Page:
Tesla short-seller extraordinaire Jim Chanos of Kynikos Associates — who hasn’t been served well by his positions on the company in the past several years — has continued to add to his short position on Tesla in recent days, he revealed at the recent Reuters Global Investment 2018 Outlook Summit.
Notably, the comments from Chanos included the prediction that Tesla CEO Elon Musk would step down by 2020 in order to focus on SpaceX as major auto manufacturers got more serious about electric vehicles — which, according to Chanos, will lead to a mass flight away from the stock since people are actually investing in Musk not in Tesla, according to the arguments.
“Obviously this is not being valued as a car company, it’s being valued on Musk … he’s the reason people own the stock,” Chanos commented.
“Put it this way,” Chanos continued. “If you wouldn’t be short a multi-billion-dollar loss-making enterprise in a cyclical business, with a leveraged balance sheet, questionable accounting, every executive leaving, run by a CEO with a questionable relationship with the truth, what would you be short? It sort of ticks all the boxes.”
While that makes some logical sense, I have to wonder how much that sort of logic actually relates to the stock market — so much of what determines the ups and downs of the stock market is simply due to herd behavior (and nowadays to trading algorithms). In other words, if the PR buzz remains behind Tesla, why would the stock tank?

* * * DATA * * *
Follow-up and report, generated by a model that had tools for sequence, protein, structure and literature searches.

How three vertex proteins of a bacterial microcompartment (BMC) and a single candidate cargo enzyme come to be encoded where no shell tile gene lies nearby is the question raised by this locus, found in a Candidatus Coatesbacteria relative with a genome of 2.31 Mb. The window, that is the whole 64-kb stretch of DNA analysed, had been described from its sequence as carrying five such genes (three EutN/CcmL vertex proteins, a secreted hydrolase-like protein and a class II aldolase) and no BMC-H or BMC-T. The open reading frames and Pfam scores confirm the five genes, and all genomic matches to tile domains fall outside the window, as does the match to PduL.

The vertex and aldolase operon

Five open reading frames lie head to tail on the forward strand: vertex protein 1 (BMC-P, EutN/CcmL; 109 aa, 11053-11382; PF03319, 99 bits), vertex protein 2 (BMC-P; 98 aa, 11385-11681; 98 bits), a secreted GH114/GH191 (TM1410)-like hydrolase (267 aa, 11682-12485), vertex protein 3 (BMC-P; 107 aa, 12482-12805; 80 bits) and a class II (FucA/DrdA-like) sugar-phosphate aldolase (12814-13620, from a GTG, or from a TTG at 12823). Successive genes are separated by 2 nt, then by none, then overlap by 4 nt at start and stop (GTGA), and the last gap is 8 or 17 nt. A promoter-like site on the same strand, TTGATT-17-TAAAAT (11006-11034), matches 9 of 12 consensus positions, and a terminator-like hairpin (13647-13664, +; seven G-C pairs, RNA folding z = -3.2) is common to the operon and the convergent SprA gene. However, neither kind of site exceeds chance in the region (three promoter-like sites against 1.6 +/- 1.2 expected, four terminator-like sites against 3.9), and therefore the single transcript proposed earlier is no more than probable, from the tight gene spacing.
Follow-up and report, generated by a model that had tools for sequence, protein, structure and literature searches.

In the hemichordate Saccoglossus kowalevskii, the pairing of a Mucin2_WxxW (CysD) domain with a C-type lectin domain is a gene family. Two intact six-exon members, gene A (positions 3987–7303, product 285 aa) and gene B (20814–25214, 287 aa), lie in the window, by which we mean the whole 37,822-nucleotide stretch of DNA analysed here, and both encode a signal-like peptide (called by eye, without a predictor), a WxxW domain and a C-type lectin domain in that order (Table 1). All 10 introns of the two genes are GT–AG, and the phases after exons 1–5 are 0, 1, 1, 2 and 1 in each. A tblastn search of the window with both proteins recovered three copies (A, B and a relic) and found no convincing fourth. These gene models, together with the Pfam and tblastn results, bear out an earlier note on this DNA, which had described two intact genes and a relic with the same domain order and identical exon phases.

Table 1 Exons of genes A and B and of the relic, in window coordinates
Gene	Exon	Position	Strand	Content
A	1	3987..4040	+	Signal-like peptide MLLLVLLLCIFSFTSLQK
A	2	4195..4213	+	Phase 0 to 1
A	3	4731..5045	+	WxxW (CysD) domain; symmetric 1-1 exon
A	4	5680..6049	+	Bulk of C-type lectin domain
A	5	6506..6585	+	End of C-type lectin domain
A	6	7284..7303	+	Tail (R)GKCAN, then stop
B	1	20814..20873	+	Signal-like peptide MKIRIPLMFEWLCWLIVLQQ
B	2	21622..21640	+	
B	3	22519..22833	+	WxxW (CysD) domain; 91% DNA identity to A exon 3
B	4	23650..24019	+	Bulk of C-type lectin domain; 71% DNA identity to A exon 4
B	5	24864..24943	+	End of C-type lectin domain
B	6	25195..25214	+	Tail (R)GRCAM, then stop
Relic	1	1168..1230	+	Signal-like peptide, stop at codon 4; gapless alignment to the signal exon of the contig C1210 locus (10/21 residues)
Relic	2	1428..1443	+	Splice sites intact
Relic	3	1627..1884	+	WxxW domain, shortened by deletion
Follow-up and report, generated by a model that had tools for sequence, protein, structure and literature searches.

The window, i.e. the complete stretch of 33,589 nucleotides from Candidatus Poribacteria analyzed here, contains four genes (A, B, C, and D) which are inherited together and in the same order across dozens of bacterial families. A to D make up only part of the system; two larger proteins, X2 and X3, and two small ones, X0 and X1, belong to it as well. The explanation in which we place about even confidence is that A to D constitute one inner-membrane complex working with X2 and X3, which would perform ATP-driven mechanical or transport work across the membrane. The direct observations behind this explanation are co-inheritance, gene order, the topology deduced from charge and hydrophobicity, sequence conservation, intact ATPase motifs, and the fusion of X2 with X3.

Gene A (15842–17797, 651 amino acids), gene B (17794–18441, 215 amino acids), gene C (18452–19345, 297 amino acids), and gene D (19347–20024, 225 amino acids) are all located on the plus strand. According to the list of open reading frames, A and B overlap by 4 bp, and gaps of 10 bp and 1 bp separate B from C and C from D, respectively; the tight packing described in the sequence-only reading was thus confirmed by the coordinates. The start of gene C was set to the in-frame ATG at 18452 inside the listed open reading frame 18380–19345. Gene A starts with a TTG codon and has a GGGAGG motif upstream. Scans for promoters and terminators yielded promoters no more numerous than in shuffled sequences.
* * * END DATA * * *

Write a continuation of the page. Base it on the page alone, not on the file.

As regards the company’s performance, it’s quite clear when one looks at their financials that the company could have been a profitable niche manufacturer many years back. The primary reason for the firm’s “unprofitability” has simply been its very aggressive expansion path taken (as has been the case with Amazon as well).
Reuters provides more: “Shares of Tesla are up 44% for the year to date, at one point pushing the company’s market value higher than competitor General Motors despite Tesla’s not turning a profit.
“On November 1, Tesla reported its largest-ever quarterly loss and pushed back its target for volume production of its new Model 3 sedan by three months. The company said it now expects to build 5,000 Model 3s per week by late in the first quarter of 2018 from its original target date of December.
“Despite the production delays, Tesla has been among the most painful for short-sellers this year, with losses among funds that bet on its decline totaling more than $4 billion this year, according to S3 Partners, a financial analytics firm.”
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